“I think it’s a little bit of both. In the early days especially that’s just how the songs developed: on our first record I’m just writing a combination of my feelings from the first eighteen years of my life. Subsequently the emotions that you feel that are resonating with an audience start to affect you. I’ve never written a lyric or a song to pander to an audience, thinking ‘Oh, I hope they like this one’ but you can’t help at some level, maybe osmosis, develop a feeling of this is what this band is about, this is the emotion, this is how I feel, and this is how our fan base has developed. The whole idea of the fan base starting to call themselves the BVB army, certainly not something I would have done if I were to name our fan base. With the Kiss army and MCRmry, it wasn’t necessarily something I would have ever thought to call our fans but they started calling themselves that because they had this sort of outcast but united feeling. So I really enjoyed that and I think that over time that has definitely seeped into the way I write for the band because I enjoy that feeling of community and it’s a way of saying this is for us, this is about all of us.

With how passionate your fan base is, do you ever feel pressure as a front man and being the focal point for it all?

“I think the pressure just comes from that if you’re an entertainer you want to be the best you can be. You want to be able to develop your skills while maintaining the audience that appreciates what you are doing. I think that’s a tight rope any musician, or any entertainer in any capacity walks. I’ve really worked hard to develop these emotional feeling with our fans. Because we’re not a band that have been critically acclaimed in the past, we really are a band that are about the fans. Our fans really knocked down doors for us because it became impossible to ignore that our fans were so excited about the band and so passionate about the band, that eventually people just had to pay attention.”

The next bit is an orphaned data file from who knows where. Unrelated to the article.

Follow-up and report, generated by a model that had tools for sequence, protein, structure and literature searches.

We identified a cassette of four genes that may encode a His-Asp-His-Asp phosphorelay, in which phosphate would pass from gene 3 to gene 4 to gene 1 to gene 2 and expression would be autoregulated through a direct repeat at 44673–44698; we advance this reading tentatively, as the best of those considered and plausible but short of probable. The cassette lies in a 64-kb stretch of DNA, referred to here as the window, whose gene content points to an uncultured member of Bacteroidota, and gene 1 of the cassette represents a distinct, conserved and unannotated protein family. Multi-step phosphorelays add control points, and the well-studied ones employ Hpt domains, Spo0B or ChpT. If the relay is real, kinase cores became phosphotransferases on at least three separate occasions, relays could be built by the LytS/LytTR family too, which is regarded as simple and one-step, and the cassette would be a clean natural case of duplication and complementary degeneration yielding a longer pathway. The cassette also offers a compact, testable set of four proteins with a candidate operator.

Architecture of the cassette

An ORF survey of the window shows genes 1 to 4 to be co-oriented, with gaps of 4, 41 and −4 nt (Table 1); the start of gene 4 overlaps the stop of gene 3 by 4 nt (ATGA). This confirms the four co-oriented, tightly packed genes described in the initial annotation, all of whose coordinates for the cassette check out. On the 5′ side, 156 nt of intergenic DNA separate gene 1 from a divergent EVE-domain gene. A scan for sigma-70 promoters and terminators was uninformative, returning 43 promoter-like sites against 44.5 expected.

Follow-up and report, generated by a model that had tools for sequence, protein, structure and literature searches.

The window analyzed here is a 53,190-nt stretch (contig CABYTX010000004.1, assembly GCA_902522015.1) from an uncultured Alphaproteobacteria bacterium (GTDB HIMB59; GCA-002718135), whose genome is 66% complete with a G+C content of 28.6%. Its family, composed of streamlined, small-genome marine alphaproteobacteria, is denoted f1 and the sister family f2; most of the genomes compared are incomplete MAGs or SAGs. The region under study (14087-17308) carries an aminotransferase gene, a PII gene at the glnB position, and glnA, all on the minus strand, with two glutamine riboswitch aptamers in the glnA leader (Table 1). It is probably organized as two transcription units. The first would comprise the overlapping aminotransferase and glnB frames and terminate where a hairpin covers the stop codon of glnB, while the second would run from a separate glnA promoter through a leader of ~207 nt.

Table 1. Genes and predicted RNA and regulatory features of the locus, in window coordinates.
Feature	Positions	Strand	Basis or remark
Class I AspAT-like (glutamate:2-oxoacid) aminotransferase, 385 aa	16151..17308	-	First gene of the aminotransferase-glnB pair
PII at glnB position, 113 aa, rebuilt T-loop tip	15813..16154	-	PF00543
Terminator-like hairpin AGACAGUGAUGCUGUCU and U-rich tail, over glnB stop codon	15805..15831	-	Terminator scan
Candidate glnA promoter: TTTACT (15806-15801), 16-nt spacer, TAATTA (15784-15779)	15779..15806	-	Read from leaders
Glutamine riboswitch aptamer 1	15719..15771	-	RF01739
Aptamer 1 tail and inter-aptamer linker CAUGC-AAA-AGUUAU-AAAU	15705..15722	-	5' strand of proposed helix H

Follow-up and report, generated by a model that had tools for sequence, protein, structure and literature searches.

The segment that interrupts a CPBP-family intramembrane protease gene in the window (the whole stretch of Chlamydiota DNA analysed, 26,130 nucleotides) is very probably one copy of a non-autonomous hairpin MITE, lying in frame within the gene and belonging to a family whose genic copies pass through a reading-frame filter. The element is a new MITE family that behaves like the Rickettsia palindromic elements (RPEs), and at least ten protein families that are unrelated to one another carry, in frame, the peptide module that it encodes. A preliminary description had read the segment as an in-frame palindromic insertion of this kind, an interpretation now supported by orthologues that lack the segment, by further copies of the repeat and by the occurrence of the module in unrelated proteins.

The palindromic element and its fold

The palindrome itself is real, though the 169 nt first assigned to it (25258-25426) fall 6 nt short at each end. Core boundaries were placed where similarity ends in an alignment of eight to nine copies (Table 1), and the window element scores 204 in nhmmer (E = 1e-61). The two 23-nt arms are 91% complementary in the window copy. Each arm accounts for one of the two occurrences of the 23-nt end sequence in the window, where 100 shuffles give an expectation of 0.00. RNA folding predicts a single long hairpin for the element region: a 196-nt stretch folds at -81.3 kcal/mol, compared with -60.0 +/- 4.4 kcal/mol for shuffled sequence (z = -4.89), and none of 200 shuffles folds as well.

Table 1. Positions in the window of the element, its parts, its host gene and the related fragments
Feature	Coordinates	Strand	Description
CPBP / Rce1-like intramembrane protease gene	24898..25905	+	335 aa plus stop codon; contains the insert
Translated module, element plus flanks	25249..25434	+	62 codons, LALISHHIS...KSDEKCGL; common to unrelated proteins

So how do you like to be perceived by the fans? As a larger than life character, or just a normal guy?

“I’ve always said that I like the idea that the fans develop these characters in the sense that when I go on stage, that because of these people that have loved me so much I am free to become this character that someone can look up to, or someone can be like I want to be like this guy. But my thing is the end game always has to be when someone says “I want to be like that guy” they also have to realise that they totally can be. I think when people lose the distinction is when guys go on stage, and they have a whole audience full of people going I want to be just like that guy, and then they start to believe that they have some sort of godly gift that was given to them that no one else can achieve. I make no bones about the fact that I am completely just a regular guy who grew up in a small town and was told my whole life that I could not make it in any way, was told that I was a fool for believing that I could, and I didn’t listen to those people. Thankfully I connected with people and worked my ass off and found an audience. That is totally a story that could happen to any of our fans, if they really work their butts off and believe in something. Rock stars are not shit from the sky by god, they’re people that have something interesting about them and work very hard to achieve that goal. Sometimes yes, people are particularly attractive or whatever else so they are put into a position where they can succeed quicker, faster, better, whatever but that doesn’t mean that people can’t achieve the ultimate goals that they have and find some level of being happy, because it just takes a lot of work and dedication and drive. I was a little chubby kid with curly hair from Cincinnati, Ohio, it was not likely that I was going to become an internationally known rock musician. However I never believed that I couldn’t do it.”